Navigation Links
Minor league hockey players unable to identify concussion symptoms, study says

TORONTO, Ont., May 28, 2009 When Chicago Blackhawk's leading scorer Martin Havlat returned to the ice for game four of the Western Conference Final after sustaining a concussion only two days earlier, questions were raised surrounding his swift return. According to a new study by St. Michael's Hospital neurosurgeon Dr. Michael Cusimano, similar questions were raised by 25% of minor league hockey players who did not know if an athlete with symptoms of a concussion should continue to play hockey. Nearly a majority of these players were also unable to identify a concussion or its related symptoms.

The findings are part of a study by Dr. Cusimano that analyzed the concussion knowledge of 142 adults (coaches, trainers and parents) and 267 players from GTA Atom (10-years-old), Bantam (14-years-old), AA (highly competitive) and house league divisions. The study is published in the May edition of the Canadian Journal of Neurological Sciences.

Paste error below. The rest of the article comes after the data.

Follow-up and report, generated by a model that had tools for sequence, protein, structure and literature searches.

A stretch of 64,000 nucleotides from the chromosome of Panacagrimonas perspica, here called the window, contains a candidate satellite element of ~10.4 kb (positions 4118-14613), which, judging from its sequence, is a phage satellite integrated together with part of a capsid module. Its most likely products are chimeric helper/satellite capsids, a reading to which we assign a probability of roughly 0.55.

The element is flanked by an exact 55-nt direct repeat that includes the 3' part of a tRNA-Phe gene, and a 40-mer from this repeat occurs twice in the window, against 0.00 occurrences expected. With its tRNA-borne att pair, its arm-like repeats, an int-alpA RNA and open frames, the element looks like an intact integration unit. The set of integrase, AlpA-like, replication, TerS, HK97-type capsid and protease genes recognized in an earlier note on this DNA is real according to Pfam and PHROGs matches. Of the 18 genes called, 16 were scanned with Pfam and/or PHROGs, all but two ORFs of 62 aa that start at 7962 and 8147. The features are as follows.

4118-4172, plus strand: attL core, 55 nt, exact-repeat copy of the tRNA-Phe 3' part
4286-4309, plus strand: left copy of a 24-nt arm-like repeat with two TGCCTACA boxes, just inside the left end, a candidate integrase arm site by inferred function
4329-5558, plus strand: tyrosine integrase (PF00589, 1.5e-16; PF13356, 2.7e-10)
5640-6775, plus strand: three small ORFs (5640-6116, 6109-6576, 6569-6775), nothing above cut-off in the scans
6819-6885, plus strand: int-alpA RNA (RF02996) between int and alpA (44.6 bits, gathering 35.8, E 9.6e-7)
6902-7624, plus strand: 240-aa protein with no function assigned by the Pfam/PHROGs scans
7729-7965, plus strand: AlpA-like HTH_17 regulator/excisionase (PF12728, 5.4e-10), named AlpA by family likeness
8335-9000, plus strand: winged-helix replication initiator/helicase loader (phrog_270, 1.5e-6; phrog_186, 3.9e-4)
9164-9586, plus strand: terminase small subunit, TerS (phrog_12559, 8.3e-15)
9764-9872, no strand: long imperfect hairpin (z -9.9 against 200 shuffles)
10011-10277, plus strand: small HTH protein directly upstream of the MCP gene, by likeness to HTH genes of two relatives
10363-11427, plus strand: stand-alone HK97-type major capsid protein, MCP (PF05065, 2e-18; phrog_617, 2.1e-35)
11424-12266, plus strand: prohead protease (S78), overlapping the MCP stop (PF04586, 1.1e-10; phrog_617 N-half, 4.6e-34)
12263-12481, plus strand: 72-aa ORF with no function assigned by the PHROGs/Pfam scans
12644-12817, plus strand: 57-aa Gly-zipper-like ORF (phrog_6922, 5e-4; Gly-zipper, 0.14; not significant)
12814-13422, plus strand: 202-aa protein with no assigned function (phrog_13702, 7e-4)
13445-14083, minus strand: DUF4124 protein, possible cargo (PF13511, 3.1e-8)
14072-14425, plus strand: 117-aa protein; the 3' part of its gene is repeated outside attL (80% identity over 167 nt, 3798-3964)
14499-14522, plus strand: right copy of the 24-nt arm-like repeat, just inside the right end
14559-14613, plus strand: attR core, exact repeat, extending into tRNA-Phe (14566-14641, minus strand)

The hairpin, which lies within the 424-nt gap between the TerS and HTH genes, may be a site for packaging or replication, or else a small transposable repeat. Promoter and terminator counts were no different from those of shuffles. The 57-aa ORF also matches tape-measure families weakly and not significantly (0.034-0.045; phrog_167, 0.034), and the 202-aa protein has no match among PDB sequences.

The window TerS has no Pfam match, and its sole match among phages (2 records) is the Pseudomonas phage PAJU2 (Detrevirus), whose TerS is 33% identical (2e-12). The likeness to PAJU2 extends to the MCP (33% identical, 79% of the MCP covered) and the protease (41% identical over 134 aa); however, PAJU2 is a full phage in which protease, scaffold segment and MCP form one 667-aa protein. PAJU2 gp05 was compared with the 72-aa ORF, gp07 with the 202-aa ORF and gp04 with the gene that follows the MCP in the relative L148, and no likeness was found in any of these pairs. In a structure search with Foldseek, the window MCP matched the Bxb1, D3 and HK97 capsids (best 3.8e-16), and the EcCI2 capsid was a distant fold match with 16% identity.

"Serious misconceptions exist among minor league hockey players, athletes, coaches and parents when it comes to understanding the signs and symptoms of a concussion and its treatment," said Dr. Cusimano, a professor of neurosurgery, education and public health at the University of Toronto and vice-president of ThinkFirst Canada, a national injury prevention organization. "While many can identify how a concussion may occur, most cannot identify the symptoms and are under the impression that concussions can be treated with physician-prescribed medication or physical therapy. Many also believe it's okay to return to play before they have fully recovered from such a brain injury. "This is troublesome since repeated brain injuries can lead to long term effects in functions such as memory, behaviour, mood, social relations and school or work performance."

Key findings of the study include: